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sector vs. regional asset allocation

July 2018

It's all about the sectors

As economies and central banks around the world move in lock-step capital allocation by sector – rather than region – should prove a more effective investment strategy.

Which economy will grow faster this year: the euro zone or the US? Which central bank will surprise markets the most? Fund managers spend a lot of time debating these issues and their implications for asset classes in different regions.

But in fact, there hasn’t been much divergence in economic and monetary cycles for some time. As a result, differentiating between countries hasn’t really helped drive investment performance, with share price moves dictated more by individual companies’ earnings.

In this environment, we believe there are much better opportunities for alpha generation to be had from looking at asset allocation by global sector rather than by region. Both our market analysis and the attribution of our own portfolio returns support this view.

The average 12-week dispersion of returns within the MSCI All-Country World Index – the extent to which returns differ from the mean – shows that stocks are behaving more according to which sector they are in, on a global basis, rather than to which country or region (see chart). Indeed, this trend has been in place for much of the past three years.

Furthermore, the quarterly rolling correlation of share price returns among different regions is hovering around its long-term average. Correlation between sectors, in contrast, has been heading lower and now stands at just 52 per cent – meaning sector indices move in tandem with each other only around half the time – versus the long run average of 69 per cent.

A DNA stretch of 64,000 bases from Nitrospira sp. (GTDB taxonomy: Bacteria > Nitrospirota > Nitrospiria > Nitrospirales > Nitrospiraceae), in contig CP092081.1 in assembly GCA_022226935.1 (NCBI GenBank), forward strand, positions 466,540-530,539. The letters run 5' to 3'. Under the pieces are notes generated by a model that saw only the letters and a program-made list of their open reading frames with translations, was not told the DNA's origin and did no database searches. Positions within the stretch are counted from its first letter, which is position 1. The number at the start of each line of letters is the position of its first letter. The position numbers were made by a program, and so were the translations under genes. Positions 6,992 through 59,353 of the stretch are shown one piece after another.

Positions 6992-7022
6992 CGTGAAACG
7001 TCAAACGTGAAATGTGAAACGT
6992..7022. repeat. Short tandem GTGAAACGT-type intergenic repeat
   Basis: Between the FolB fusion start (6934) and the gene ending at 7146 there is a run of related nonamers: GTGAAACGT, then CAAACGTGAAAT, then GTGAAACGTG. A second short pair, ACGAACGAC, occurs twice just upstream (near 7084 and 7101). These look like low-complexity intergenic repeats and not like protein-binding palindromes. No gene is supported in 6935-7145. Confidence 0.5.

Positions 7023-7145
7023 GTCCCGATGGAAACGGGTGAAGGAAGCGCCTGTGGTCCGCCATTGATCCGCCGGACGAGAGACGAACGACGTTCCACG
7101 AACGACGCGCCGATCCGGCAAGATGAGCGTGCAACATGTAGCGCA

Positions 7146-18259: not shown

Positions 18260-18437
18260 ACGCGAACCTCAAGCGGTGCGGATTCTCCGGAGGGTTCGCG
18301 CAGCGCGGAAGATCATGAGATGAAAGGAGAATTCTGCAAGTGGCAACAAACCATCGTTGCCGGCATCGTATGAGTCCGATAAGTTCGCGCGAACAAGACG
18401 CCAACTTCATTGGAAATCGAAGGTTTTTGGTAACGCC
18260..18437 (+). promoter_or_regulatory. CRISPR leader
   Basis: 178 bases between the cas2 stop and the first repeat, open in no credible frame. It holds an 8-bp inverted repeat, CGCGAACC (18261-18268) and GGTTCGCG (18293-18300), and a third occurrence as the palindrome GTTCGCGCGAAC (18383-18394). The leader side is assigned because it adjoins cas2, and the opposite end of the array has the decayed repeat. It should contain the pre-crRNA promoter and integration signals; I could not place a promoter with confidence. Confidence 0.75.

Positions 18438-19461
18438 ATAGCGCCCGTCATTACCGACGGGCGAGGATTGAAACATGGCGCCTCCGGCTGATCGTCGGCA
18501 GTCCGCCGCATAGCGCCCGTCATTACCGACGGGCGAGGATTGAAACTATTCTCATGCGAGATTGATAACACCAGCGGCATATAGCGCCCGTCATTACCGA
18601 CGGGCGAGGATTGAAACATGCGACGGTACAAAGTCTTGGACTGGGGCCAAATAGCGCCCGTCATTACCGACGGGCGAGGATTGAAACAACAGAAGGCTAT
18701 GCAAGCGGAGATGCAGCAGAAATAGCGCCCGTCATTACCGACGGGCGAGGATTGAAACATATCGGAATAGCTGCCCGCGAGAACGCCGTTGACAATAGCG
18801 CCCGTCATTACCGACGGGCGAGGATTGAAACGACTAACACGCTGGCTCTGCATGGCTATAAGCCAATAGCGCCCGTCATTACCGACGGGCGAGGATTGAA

relative importance

Dispersion of returns among industry sectors compared to return dispersion of regional equity markets, expressed as ratio

Dispersion of returns ratio: regions relative to sectors, MSCI All Countries World Index, 12 week average

Source: Pictet Asset Management, Datastream. Data covering period: 02.07.1998 – 14.06.2018, using constituents of MSCI All Countries World Index, 12-week average

So, if sectors are the way to go, the next question is which ones to pick? We believe energy and materials currently offer attractive opportunities. We also like technology for the long-term growth potential, particularly in robotics and the digital economy. Conversely, we are fairly cautious on utilities.

Of course, economic and policy divergences may yet re-emerge. In the US, for example, there is support for Reagan-style supply side reform: lowering taxes in a bid to increase total budget revenues. It is hard to see such policies being passed in Europe, where strict EU rules necessitate greater control over public debt. The rise of populism can play a part in triggering divergences as populist parties are more likely to follow non-conventional agenda or focus on domestic priorities. That would lead to greater dispersion of returns and lower correlations in the performance of their respective stock markets.

For today though, sectors are in the ascendancy, and active managers have the opportunity to use this in asset allocation decisions to maximise returns.